It’s been a year since the COVID-19 pandemic changed our lives virtually overnight. Since then we have found new ways to live, from the way we work and socialize to how we eat, drink and exercise.

Those changes have had some consequences – particularly to our waistlines. According to a recent study by the American Psychology Association (APA), 61% of Americans experienced undesired weight changes during the pandemic.

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Jessica Bishop is a dietetic intern at OSF HealthCare Saint Francis Medical Center in Peoria. She says the survey results aren’t surprising.

“Stress increase, boredom increase, and emotional eating may have also increased – mindless snacking. All of that combined over a whole year, I can very easily see where a lot of us may have gained some weight,” says Bishop.

Researchers polled more than 3,000 adults in the U.S., and found the average amount of unwanted weight gain was 29 pounds. Ten percent said they gained more than 50 pounds. The average unintended weight loss was 26 pounds.

Losing the structure of our day-to-day routines could also be a culprit in unwanted weight gain. According to Bishop, spending a lot more time at home with easy access to the snack cabinet can throw any diet off the rails if left unchecked.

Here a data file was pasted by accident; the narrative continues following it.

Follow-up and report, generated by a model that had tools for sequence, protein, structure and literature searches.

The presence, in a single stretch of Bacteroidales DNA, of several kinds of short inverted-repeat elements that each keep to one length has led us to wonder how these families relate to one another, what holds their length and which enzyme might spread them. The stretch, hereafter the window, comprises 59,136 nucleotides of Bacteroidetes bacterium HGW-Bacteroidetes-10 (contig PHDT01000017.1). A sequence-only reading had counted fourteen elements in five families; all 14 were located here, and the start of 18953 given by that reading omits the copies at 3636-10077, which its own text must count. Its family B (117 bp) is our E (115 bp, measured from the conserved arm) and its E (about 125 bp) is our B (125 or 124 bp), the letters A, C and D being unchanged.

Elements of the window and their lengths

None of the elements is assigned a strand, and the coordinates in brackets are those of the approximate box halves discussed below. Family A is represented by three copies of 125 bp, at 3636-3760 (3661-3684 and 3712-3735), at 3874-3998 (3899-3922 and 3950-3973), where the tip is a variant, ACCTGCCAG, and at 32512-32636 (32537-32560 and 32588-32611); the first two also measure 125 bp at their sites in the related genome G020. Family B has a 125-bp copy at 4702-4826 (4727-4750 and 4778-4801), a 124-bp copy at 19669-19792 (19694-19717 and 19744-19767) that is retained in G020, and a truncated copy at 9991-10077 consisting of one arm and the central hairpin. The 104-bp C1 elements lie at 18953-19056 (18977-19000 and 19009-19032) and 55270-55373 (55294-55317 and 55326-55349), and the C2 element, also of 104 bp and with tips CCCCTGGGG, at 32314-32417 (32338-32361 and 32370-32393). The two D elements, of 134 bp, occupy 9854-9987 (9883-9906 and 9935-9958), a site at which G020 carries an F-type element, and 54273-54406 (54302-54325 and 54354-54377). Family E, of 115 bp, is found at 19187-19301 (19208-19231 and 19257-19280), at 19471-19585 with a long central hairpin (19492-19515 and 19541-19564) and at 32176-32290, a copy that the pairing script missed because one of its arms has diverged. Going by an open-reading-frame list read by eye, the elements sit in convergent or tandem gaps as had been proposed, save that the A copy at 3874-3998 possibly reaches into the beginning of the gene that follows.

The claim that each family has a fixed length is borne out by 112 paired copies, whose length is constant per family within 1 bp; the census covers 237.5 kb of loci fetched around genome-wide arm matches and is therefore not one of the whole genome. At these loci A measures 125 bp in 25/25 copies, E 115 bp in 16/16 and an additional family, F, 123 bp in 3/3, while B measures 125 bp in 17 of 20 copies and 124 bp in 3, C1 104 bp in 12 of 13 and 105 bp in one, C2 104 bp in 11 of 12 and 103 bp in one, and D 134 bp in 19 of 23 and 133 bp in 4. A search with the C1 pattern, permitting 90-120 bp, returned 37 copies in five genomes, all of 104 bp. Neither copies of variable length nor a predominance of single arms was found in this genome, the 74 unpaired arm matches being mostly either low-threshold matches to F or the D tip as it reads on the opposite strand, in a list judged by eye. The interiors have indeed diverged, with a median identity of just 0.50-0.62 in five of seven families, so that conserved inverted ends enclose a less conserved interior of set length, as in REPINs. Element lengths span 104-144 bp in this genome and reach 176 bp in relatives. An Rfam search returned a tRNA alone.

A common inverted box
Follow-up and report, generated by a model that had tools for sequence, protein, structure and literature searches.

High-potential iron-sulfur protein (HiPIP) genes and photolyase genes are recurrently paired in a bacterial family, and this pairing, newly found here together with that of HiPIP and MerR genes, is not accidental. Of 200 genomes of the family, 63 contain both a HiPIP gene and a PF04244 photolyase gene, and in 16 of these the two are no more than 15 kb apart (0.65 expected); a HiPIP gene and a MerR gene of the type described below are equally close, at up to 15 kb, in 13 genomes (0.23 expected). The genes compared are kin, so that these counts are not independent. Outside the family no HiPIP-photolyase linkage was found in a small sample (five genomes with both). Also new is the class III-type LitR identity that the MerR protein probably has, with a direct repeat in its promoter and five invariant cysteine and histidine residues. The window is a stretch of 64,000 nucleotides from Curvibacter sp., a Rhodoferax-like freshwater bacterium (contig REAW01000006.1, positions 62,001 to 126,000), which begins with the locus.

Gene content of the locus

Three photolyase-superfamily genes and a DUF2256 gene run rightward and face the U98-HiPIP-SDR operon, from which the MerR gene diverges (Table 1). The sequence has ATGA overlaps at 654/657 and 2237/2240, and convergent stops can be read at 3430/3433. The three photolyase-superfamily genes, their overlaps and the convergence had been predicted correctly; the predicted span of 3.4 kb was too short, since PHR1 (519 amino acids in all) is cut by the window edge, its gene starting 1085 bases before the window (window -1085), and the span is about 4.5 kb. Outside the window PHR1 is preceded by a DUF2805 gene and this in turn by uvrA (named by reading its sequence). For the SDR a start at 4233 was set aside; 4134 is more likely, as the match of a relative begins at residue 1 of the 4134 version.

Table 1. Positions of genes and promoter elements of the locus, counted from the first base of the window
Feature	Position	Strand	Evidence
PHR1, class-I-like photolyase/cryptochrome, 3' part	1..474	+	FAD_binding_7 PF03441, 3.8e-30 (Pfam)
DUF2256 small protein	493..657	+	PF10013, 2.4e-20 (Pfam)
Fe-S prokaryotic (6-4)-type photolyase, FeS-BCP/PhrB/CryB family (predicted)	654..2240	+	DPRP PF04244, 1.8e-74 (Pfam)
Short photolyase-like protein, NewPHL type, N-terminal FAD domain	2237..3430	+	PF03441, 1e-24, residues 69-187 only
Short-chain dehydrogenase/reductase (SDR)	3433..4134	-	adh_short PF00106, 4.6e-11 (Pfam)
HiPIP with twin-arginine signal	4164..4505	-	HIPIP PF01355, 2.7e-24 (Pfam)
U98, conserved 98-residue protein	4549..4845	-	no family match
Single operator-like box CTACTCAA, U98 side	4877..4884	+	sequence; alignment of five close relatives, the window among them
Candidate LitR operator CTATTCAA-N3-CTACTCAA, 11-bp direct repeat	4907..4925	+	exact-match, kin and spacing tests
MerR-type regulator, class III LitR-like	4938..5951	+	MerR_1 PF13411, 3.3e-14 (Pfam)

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“Maybe we are used to having three structured meals a day and having a snack when we get home,” Bishop says. “Well if we aren’t going out, maybe we’re just snacking multiple times. Not having that routine, not having those set meal times can really upend a diet, where you don’t even know how much you are eating in a day.”

Bishop says that anyone wanting to lose unwanted pounds should start by making S.M.A.R.T. weight loss goals, or goals that are specific, measurable, achievable, realistic and timely. She also recommends sticking to an 85-15% rule – eating healthy, nutrient-dense foods 85% of the time, and including occasional treats 15% of the time.

Breaking a new habit can be tough, but Bishop says you can do it with intentional planning. She also preaches patience; healthy weight loss isn’t a fast process.

“It takes time. It’s not going to happen in one day; it’s going to be gradual. And we recommend that gradual loss. It’s healthier for you and it helps long term, to keep that weight off as well.”

Significant weight gain can lead to a greater risk of heart disease, type 2 diabetes and stroke, among other issues. The World Obesity Federation has also found that increased bodyweight is “the second greatest predictor of hospitalization and a high risk of death for people suffering from COVID-19,” only ranking behind age as a risk factor.

Help is available for anyone looking for assistance in losing unwanted pounds, whether weight loss has been a life-long struggle or a person is looking to shed a recent weight gain. Contact your primary care physician to learn more about getting help from a dietitian. If you don’t have a primary care provider, go to or click here.

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